We are not alone.

Pure science would say that since there is no evidence of life beyond our own planet, one can neither assume nor rule out life elsewhere.

Our place in the universe. Click to make massive.

Yet a mind open to surprises looks at the above schematic, factors in the existence of 70,000,000,000,000,000,000,000 stars (that’s 70,000 million million million) in the known universe, and that’s as of 2003, and wonders what kind of hubris allows for this incomprehensible vastness and beauty to exist solely to amuse us? As of 2012, Wikipedia reports, “Data from the Habitable Exoplanets Catalog (HEC) suggests that, of the 725 exoplanets which have been confirmed as of 14 January 2012, four potentially habitable planets have been found, and the same source predicts that there may be 27 habitable extrasolar moons around confirmed planets.”

The Hubble Ultra Deep Field image was taken of an area of the sky just a tad over 3 arcminutes across. That’s smaller than a 1 mm by 1 mm square of paper held at 1 meter away, and equal to roughly one thirteen-millionth of the total area of the sky; with the exception of one or two local stars in our neighborhood, every pinprick of light in this image is a galaxy. Every single spot. Add to that the fact that galactic scale is unfathomable; despite the existence of hundreds of billions of stars in a single cluster, when our own celestial home collides with its nearest neighbor, the Andromeda Galaxy, no two stars will ever come close enough to collide. (Watch the video at the link, it’s elegant.)

Using the Drake equation to estimate the number of civilizations with whom we might have communication is an exercise in futility, simply because none of the terms are or can be known, but I don’t need higher math to look out into such mind-bending vastness and see a result higher than zero. For me, life out there is inevitable.

No, I can’t get my head around the idea that we’re the only thing out here, or the best, or the brightest. Unless someone figures out how to void the laws of the universe, it’s unlikely that we’ll ever know, but that doesn’t dampen my certainty: we’re not alone.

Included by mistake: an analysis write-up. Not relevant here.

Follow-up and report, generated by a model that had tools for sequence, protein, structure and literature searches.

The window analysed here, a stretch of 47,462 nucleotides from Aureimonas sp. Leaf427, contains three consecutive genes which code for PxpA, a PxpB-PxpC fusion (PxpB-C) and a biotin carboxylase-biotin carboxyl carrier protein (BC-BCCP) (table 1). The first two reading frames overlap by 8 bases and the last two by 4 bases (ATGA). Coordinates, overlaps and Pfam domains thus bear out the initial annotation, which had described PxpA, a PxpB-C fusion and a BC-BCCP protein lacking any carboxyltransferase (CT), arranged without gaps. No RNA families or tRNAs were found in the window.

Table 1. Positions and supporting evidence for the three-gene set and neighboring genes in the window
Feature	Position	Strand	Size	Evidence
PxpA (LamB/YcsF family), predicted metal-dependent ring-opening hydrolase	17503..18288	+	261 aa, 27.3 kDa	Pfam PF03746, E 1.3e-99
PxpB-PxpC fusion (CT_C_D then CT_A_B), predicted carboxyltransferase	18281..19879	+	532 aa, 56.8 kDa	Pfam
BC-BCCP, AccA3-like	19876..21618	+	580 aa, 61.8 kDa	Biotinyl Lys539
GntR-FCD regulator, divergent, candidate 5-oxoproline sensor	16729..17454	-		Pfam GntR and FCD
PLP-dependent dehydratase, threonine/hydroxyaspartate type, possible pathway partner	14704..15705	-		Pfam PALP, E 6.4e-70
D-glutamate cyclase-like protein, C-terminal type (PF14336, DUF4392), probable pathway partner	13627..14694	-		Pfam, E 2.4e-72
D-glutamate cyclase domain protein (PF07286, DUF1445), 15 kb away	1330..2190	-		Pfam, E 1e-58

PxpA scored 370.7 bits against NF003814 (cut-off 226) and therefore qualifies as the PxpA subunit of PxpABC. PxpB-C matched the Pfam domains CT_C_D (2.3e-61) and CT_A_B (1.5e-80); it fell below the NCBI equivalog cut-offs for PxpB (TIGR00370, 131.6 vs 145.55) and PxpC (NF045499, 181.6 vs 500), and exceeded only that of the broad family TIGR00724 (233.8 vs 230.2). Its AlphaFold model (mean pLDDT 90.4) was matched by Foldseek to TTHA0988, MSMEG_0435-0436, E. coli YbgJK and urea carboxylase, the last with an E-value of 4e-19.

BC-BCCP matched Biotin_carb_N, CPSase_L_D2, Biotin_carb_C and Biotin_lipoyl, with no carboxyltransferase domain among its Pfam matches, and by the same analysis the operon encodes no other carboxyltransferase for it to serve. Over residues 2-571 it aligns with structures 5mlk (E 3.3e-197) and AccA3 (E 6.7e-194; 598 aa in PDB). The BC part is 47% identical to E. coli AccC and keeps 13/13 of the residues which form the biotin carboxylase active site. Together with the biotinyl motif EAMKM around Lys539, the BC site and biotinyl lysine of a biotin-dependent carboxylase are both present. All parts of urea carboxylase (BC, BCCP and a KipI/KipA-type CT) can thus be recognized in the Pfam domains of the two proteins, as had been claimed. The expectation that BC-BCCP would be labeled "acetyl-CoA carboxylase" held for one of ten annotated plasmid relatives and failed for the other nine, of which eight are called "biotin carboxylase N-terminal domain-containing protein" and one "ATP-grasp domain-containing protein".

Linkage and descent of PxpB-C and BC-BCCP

The Old Wolf has spoken.

More doctors smoke Camels™

Back in the day, not only doctors but babies, sports figures and Santa Claus would hawk tobacco products. My mother did Camel commercials, and I remember that for a while she would regularly receive a carton of Camels in the mail from the sponsor as part of her compensation. Small wonder I took up the habit when I went away to prep school – back in the day, it was still considered the cool thing to do. And, as I had no other claim to fame and fortune, I developed the knack of finding the nastiest, strongest brands I could – Gauloises, Players, English Ovals, and some Turkish abomination or other come immediately to mind. By 1969,  when I finally quit, I was smoking 3 packs a day of unfiltered anything; when I’d cadge cigarettes from my mother, who smoked Carltons (what an abomination they were), I’d have to rip the filters off.

Despite a sea change in conventional wisdom, today roughly 1 in 6 people still use tobacco worldwide; in the USA, 20% of adults still used tobacco as of 2010. Big tobacco and those who took payoffs to promote this deadly product shoulder a large part of the responsibility.

If you smoke, quit now. It will kill you.

The Old Wolf has smoken.

Great Shoals Lighthouse, 1952

The Great Shoals Lighthouse in Maryland was constructed in 1884 and dismantled in 1966. It was a screw-pile lighthouse, a lighthouse which stands on piles that are screwed into sandy or muddy sea or river bottoms. From the photo, the frame barely looks strong enough to support the weight of the structure let alone the force of wind and water, and yet it endured for over 80 years.

I love the outhouse hanging over the edge, reminiscent of certain medieval castles. Gardy loo!

Found at Frog Blog

The Old Wolf has spoken.